How to Fund Your Small Business in Singapore
Money is the lifeblood without which business cannot blossom. Of a large number of businesses that start every year in Singapore, about half fail for lack of funds. Sufficient capital is vital in succeeding in business.
There are many entrepreneurs with viable and vibrant business ideas who can’t get their dreams off the ground because they lack funds. Here are some sources from which you can get funds for your small business in Singapore.
1. Singapore Government Grants and Equity Schemes
The Singapore government is equipped to support startup businesses and SMEs, understanding that these small businesses are the backbone of the Singapore economy. They are the future powerhouses that require nurturing. Small businesses employ almost two-thirds of the Singapore workforce.
You may want to break from the shackles of employment by starting your business, or, you may have an existing company, the Singapore government can offer you financial support. There are several government grants and equity schemes accessible to Singapore startups.
What matters is your eligibility. You may not qualify if you belong to some industries, such as tobacco and gambling. For those that are eligible, the government doesn’t fund fully, you are required to be ready with some capital yourself. Also, note that some grants are highly competitive; and involve a stringent application process.
Here are a few grants and equity financing schemes available from the Singapore government.
a. Capability Development Grant
Spring Singapore, a government agency offers this scheme to fund start-ups in ten business areas. These areas include training, cost of equipment and cost of certification. If you are looking into scaling up your business capability, you can get up to 70% of the cost of your qualifying project. This grant is for you if you want to develop a new product. The government caps the grant at S$30,000.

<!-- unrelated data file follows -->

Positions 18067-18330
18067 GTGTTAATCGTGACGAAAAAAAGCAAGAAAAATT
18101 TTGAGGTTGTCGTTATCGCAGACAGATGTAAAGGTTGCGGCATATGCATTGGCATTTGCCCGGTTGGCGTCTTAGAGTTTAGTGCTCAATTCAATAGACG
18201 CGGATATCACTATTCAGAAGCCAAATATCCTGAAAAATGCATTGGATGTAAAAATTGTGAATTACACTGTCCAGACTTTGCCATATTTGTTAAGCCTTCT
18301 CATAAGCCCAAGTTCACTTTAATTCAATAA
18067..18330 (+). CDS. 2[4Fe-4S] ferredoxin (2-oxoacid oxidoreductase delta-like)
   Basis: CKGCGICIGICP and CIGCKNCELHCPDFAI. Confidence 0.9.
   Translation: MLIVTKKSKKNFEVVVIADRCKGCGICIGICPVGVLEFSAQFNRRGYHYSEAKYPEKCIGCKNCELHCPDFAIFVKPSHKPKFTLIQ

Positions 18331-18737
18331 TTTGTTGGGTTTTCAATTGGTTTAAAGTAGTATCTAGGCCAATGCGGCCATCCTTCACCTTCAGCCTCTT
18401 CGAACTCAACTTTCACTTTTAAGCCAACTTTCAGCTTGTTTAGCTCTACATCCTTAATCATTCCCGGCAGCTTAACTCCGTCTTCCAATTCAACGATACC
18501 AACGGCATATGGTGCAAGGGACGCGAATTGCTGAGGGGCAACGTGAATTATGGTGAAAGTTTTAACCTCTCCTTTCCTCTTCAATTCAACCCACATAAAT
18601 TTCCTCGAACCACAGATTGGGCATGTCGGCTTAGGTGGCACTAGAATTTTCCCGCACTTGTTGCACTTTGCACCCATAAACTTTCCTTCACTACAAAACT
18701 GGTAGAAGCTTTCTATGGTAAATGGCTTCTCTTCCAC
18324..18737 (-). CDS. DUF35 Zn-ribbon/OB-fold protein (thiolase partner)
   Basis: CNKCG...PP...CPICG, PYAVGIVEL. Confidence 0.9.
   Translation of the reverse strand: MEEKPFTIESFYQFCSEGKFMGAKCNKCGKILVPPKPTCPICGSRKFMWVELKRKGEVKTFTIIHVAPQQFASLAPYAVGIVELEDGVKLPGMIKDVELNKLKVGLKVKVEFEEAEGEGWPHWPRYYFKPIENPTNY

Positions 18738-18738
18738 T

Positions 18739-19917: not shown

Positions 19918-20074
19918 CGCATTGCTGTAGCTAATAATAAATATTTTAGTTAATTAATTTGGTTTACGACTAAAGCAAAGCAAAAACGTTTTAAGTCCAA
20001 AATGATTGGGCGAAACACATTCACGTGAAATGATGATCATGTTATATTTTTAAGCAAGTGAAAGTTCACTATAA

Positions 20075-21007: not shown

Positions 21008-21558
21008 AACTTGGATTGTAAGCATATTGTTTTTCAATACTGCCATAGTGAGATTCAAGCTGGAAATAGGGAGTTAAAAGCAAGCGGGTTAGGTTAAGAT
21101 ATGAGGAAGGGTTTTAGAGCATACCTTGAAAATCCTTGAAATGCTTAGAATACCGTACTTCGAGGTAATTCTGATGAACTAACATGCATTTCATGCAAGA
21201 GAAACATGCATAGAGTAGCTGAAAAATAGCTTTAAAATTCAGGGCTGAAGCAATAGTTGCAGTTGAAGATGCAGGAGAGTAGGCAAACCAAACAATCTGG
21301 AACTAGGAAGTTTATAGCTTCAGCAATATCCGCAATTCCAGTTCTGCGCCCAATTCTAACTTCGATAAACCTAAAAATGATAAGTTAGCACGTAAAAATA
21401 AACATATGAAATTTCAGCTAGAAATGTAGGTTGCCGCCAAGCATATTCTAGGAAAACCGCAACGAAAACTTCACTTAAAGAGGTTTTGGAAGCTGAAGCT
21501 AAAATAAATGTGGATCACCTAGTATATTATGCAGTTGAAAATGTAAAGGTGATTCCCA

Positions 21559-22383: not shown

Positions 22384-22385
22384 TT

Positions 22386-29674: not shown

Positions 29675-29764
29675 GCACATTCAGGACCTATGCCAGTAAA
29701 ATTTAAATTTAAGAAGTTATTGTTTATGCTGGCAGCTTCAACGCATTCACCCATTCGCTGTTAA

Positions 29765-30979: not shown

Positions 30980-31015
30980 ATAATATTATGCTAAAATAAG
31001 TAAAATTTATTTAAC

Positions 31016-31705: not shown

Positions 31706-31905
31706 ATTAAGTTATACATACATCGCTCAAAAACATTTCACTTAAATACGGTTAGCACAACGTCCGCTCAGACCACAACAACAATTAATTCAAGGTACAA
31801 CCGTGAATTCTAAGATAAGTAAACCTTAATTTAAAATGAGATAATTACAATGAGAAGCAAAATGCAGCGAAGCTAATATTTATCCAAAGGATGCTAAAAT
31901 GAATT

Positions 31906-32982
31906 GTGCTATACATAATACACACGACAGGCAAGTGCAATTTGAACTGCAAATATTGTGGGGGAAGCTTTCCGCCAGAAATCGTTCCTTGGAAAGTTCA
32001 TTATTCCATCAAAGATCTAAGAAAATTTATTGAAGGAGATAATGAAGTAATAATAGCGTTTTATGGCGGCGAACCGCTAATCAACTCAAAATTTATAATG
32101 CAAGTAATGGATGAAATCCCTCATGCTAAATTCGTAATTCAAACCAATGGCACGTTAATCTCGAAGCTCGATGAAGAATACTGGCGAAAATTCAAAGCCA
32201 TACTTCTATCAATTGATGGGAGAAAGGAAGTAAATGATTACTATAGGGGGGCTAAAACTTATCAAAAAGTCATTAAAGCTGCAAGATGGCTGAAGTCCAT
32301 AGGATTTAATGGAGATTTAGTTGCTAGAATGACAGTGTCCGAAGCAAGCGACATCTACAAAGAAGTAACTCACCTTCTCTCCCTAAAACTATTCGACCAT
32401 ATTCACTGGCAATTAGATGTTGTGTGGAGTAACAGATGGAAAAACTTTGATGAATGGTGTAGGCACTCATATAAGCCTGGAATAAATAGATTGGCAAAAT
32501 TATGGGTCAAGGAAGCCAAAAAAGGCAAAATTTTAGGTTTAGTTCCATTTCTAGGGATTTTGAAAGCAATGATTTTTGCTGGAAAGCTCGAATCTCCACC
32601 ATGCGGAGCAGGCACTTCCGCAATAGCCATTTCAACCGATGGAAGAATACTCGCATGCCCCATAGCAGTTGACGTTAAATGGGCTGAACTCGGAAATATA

b. ACE Startups
Spring Singapore offers this grant to first-time entrepreneurs with an innovative idea. Singaporeans and those with permanent residency qualify for this scheme, that is focused on the uniqueness of the business idea. They also check the concept feasibility, potential market, and management team.
An attractive characteristic of this scheme is that it provides business mentorship through Accredited Mentor Partners. An entrepreneur can get advice, learning programs, and networking contacts. For every S$3 you have for the project, they give S$7, capping the grant at S$50,000.
c. Financial Sector Technology and Innovation (FSTI) Scheme
FSTI is a scheme launched by the Monetary Authority of Singapore to support innovation. This S$225 million scheme aims to equip financial institutions to establish innovation labs for developing technology infrastructure. You qualify for the scheme if your establishment is a financial institution in Singapore or a technology firm working with Singapore financial institutions.